Selective and nonselective packaging of cellular RNAs in retrovirus particles.

HIV Drug Resistance Program, National Cancer Institute-Frederick, P.O. Box B, Frederick, MD 21702-1201, USA.
Journal of Virology (Impact Factor: 4.65). 06/2007; 81(12):6623-31. DOI: 10.1128/JVI.02833-06
Source: PubMed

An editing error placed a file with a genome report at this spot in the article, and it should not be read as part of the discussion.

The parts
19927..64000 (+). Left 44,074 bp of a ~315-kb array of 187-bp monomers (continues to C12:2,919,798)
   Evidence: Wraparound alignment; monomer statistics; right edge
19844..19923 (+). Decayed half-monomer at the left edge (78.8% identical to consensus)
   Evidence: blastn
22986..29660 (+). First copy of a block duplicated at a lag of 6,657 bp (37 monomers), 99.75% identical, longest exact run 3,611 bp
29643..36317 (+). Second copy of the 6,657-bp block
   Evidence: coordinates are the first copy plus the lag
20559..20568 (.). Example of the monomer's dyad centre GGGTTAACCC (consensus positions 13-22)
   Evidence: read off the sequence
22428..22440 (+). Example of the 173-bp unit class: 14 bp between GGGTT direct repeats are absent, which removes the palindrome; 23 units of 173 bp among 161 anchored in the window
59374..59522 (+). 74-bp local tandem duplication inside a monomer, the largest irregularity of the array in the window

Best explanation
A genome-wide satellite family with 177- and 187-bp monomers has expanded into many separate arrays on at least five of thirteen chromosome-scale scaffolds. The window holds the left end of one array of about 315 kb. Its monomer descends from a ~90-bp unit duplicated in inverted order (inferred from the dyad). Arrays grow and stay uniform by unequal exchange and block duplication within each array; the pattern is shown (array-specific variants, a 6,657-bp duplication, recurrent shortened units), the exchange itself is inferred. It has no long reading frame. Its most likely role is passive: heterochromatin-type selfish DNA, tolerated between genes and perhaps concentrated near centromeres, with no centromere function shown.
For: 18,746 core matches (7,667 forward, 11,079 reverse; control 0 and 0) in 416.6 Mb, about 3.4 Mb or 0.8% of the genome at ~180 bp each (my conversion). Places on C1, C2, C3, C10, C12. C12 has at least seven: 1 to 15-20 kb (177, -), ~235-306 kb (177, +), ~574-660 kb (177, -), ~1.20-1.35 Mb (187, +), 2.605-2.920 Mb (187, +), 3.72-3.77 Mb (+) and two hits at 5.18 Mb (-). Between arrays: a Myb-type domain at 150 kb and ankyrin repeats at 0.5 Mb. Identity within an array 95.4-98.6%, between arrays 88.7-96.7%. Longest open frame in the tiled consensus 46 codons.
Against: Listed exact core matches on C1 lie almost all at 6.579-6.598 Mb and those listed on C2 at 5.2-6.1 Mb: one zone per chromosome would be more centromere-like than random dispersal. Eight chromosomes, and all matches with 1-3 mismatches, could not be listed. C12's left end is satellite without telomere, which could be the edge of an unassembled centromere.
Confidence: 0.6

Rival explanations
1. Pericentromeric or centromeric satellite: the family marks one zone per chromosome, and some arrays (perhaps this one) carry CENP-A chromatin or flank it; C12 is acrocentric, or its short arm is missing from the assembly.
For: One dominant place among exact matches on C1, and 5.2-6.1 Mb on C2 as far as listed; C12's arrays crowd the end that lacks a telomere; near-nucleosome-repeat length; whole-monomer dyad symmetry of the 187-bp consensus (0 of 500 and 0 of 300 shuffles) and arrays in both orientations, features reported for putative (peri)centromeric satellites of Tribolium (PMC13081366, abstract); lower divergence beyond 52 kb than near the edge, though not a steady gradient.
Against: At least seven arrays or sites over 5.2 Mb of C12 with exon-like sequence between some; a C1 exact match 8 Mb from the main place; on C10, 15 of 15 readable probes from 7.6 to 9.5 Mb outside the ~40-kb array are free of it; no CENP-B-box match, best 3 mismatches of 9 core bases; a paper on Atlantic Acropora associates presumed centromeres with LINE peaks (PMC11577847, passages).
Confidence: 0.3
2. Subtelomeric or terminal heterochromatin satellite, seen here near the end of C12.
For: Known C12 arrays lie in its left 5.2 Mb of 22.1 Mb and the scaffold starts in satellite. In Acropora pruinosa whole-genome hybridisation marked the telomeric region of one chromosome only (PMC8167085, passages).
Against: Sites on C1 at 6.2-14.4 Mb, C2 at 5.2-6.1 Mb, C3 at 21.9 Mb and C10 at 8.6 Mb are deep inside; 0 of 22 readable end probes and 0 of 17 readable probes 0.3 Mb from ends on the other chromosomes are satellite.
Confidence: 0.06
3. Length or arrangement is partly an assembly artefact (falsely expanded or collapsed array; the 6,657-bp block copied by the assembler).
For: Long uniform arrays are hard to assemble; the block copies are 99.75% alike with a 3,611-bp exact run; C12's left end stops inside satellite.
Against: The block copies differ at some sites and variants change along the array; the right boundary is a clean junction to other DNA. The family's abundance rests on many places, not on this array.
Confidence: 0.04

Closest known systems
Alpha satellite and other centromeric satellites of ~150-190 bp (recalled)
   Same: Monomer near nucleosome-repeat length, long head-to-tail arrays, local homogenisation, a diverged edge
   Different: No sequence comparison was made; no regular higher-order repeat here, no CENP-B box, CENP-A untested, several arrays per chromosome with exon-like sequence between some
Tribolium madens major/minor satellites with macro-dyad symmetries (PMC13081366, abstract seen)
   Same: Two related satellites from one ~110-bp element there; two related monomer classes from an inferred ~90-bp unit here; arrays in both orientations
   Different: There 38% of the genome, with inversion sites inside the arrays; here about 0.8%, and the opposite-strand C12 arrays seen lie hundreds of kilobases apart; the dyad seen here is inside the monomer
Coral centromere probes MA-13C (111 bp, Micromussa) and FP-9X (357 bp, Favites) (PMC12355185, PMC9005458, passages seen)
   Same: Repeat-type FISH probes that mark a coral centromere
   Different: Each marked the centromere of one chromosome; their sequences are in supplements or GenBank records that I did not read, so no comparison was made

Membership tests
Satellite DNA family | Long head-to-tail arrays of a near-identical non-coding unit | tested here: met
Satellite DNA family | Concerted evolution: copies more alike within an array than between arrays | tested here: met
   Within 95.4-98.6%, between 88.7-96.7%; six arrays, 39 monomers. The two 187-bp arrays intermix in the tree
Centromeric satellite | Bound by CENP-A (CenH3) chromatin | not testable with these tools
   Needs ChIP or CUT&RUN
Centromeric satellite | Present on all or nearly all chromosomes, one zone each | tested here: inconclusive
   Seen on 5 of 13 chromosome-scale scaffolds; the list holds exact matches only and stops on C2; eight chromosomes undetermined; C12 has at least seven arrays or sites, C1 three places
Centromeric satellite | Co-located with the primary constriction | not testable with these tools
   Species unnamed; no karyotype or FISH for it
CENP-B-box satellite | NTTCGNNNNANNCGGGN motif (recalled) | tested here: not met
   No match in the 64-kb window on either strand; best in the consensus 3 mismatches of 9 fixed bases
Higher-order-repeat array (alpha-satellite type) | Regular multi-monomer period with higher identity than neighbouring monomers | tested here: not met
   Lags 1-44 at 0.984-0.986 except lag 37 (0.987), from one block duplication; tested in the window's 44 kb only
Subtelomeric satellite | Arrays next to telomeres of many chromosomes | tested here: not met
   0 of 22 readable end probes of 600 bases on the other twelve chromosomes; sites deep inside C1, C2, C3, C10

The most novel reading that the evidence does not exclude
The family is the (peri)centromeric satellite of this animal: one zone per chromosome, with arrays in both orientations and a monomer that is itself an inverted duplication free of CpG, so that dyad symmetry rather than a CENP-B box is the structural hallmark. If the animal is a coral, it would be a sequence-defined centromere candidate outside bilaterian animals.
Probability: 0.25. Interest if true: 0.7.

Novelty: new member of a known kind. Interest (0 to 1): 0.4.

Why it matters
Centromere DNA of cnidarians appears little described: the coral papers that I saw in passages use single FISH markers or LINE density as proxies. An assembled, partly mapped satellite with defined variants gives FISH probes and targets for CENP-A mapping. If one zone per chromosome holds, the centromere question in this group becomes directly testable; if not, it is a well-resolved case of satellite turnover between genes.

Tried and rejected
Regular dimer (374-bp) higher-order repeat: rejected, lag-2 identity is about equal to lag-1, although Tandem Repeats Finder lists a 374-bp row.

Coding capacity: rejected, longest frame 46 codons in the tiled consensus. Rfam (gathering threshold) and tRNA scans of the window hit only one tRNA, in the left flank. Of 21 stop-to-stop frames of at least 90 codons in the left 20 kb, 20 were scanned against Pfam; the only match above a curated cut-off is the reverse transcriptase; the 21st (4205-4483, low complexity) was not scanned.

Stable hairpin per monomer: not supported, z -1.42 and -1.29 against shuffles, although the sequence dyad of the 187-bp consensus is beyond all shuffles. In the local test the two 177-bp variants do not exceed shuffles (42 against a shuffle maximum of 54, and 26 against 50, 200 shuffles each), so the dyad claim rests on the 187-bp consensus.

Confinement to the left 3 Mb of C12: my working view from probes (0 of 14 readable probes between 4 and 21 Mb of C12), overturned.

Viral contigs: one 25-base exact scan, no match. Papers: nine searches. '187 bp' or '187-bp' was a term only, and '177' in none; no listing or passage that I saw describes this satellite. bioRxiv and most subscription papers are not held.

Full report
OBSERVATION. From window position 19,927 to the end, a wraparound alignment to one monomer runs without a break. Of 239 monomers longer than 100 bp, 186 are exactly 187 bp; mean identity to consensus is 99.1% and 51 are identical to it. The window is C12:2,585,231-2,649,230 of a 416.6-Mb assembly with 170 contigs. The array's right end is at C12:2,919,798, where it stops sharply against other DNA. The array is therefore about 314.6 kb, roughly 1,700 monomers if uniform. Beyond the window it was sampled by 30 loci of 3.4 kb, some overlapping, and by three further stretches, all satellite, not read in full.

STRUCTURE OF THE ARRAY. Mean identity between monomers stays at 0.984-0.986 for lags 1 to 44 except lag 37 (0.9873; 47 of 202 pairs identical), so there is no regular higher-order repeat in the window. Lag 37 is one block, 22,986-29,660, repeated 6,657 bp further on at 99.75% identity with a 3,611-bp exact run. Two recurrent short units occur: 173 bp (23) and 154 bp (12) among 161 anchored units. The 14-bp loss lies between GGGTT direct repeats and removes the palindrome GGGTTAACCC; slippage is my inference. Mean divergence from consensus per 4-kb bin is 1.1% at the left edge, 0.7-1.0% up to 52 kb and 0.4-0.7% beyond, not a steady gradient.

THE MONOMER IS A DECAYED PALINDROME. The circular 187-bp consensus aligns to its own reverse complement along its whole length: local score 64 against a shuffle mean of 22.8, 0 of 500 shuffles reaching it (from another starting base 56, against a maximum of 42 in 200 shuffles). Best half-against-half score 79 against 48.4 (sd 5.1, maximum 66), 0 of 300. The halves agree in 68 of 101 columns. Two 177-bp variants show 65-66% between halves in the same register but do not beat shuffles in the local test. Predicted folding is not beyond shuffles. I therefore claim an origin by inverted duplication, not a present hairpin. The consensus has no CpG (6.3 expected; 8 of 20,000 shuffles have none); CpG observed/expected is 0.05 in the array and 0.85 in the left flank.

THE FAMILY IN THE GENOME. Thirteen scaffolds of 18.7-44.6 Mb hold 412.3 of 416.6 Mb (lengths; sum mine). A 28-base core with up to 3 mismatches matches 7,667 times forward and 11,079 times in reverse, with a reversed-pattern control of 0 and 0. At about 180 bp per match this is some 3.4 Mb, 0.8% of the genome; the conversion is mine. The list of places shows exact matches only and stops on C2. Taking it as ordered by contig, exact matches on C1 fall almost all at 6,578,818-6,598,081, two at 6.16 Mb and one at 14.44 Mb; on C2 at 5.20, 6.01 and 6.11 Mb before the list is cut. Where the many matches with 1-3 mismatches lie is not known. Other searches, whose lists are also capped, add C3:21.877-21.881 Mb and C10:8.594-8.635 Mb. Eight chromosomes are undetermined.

ABSTRACT Assembly of retrovirus particles normally entails the selective encapsidation of viral genomic RNA. However, in the absence of packageable viral RNA, assembly is still efficient, and the released virus-like particles (termed "Psi-" particles) still contain roughly normal amounts of RNA. We have proposed that cellular mRNAs replace the genome in Psi- particles. We have now analyzed the mRNA content of Psi- and Psi+ murine leukemia virus (MLV) particles using both microarray analysis and real-time reverse transcription-PCR. The majority of mRNA species present in the virus-producing cells were also detected in Psi- particles. Remarkably, nearly all of them were packaged nonselectively; that is, their representation in the particles was simply proportional to their representation in the cells. However, a small number of low-abundance mRNAs were greatly enriched in the particles. In fact, one mRNA species was enriched to the same degree as Psi+ genomic RNA. Similar results were obtained with particles formed from the human immunodeficiency virus type 1 (HIV-1) Gag protein, and the same mRNAs were enriched in MLV and HIV-1 particles. The levels of individual cellular mRNAs were approximately 5- to 10-fold higher in Psi- than in Psi+ MLV particles, in agreement with the idea that they are replacing viral RNA in the former. In contrast, signal recognition particle RNA was present at the same level in Psi- and Psi+ particles; a minor fraction of this RNA was weakly associated with genomic RNA in Psi+ MLV particles.

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